applause. Nearly 150 invitations were
issued for this reception and the re
sponse was general and generous.
Friday evening the Fargo college or
chestra celerated the close of the
present school year with a banquet at
the Gardner. Our college musical or
ganizations have bad during the past
year a truly phenomenal growth. They
came into existence only last fall and
are today one of the most prominent
and promising features of our col
lege life. The college confidently looks
forward to their continued growth and
prosperity.
Thursday afternoon, Mlas Moore's
class in public debate held a very in
teresting session in which they dis
cussed the question: Is the commission
plan of city government preferable to
the aldermanic? Mr. Paulson lead in
the affirmative, and Mr. Clarey in the
negative. The decision was in favor
of the affirmative. An interesting
feature of this debate was its applica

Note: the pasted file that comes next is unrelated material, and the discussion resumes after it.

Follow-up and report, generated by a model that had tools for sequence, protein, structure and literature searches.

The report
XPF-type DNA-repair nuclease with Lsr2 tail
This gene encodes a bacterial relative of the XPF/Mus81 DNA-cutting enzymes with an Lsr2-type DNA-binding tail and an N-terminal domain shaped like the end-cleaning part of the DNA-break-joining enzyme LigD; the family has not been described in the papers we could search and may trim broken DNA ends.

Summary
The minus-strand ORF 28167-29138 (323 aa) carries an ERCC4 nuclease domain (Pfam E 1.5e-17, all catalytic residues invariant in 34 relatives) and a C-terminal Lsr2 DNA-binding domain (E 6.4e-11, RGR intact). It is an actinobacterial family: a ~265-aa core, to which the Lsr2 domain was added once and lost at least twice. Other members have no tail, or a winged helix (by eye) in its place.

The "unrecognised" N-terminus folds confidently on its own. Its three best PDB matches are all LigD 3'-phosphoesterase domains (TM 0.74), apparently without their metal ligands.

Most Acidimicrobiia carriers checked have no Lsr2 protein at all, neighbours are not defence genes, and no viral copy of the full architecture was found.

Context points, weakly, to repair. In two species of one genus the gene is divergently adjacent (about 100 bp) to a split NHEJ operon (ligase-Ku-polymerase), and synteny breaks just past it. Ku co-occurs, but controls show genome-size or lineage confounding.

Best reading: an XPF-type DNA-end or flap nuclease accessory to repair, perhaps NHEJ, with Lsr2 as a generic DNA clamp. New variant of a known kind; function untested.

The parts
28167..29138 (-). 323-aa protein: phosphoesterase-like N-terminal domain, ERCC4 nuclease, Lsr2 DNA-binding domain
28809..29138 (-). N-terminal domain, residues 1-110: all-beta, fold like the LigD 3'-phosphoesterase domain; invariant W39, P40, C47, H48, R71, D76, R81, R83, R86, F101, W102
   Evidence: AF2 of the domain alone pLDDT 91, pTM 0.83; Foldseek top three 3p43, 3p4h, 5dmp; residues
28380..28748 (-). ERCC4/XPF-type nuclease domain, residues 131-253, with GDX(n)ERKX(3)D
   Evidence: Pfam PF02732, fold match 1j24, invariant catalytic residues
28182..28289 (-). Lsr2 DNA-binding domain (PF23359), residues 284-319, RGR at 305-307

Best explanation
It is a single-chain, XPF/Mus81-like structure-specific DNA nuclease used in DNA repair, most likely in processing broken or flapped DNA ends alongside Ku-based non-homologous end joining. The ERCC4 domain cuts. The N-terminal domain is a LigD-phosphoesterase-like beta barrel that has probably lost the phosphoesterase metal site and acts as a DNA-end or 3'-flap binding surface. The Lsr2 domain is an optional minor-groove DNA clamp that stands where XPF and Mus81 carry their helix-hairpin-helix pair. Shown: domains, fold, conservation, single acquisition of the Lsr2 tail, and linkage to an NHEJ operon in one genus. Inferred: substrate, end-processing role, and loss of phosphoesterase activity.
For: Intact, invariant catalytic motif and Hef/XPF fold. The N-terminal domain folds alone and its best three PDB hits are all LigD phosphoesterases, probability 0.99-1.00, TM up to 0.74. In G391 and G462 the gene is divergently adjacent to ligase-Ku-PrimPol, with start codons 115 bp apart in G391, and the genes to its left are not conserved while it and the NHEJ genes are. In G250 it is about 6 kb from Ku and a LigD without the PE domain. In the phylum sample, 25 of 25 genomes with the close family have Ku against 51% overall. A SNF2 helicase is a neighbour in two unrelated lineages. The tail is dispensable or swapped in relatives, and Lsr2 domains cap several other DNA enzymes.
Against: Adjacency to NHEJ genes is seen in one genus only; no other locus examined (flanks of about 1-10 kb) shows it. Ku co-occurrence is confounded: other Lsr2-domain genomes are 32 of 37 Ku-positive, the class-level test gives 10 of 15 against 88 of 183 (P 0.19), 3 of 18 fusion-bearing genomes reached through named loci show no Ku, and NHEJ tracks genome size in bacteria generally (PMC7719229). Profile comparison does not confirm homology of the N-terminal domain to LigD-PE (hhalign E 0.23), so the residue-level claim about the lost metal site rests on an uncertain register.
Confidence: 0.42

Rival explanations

tion to the city of Fargo. Considerable
attention has been attracted during
the past year by the excellent manner
in which this olass has handled var
ious questions under discussion.
CONSERVATORY NOTES.
The fifth graduate recital, which
was given by Herbert Malloy of Moor
I head, Monday evening, May 31, was a
I decided success. Mr. Malloy playe his
i programme beautifully and greatly
{pleased his audience during the eve-
'P-ir
Mt*f-V,fi"1
.. The sixth and last graduate reclt.
the preparatory department address
'MrV
1&•
ning as did also Miss Marguerite
Beard, noprano, of the faculty, wti
assisted him.
wUI Rlven by E Berge whQ
al«o
a graduate of the piano depart
ment of the conservatory. Mr. Ben
will play a programme composed
eight difficult selections. Miss Mildr
Romsdahl, also of the conservatoi
will assist with two soprano solos.
Monday evening. Jne 7, Miss Irei
Carpenter, student of the conserv
tory. will give a pianoforte recit
assisted by Miss Fe. i Crothei
soprano, also of the conservatoi
The recital will be public and will i
given in the large recital hall of tl
conservatory at 8:30 o'clock.
The young students of the conserv
tory will be heard In a commenceme
recital this year which will take pla
Thursday evening, June 10. An e:
cellent programme is being nrrang€
composed of piano, violin and sc
numbers together with selections 1
the chorus of about fifty young mer
bers. The recital will be given in tl
large recital hall and the public
cordially invited.
The ensemble class under the li
struction of A. J. Stephens will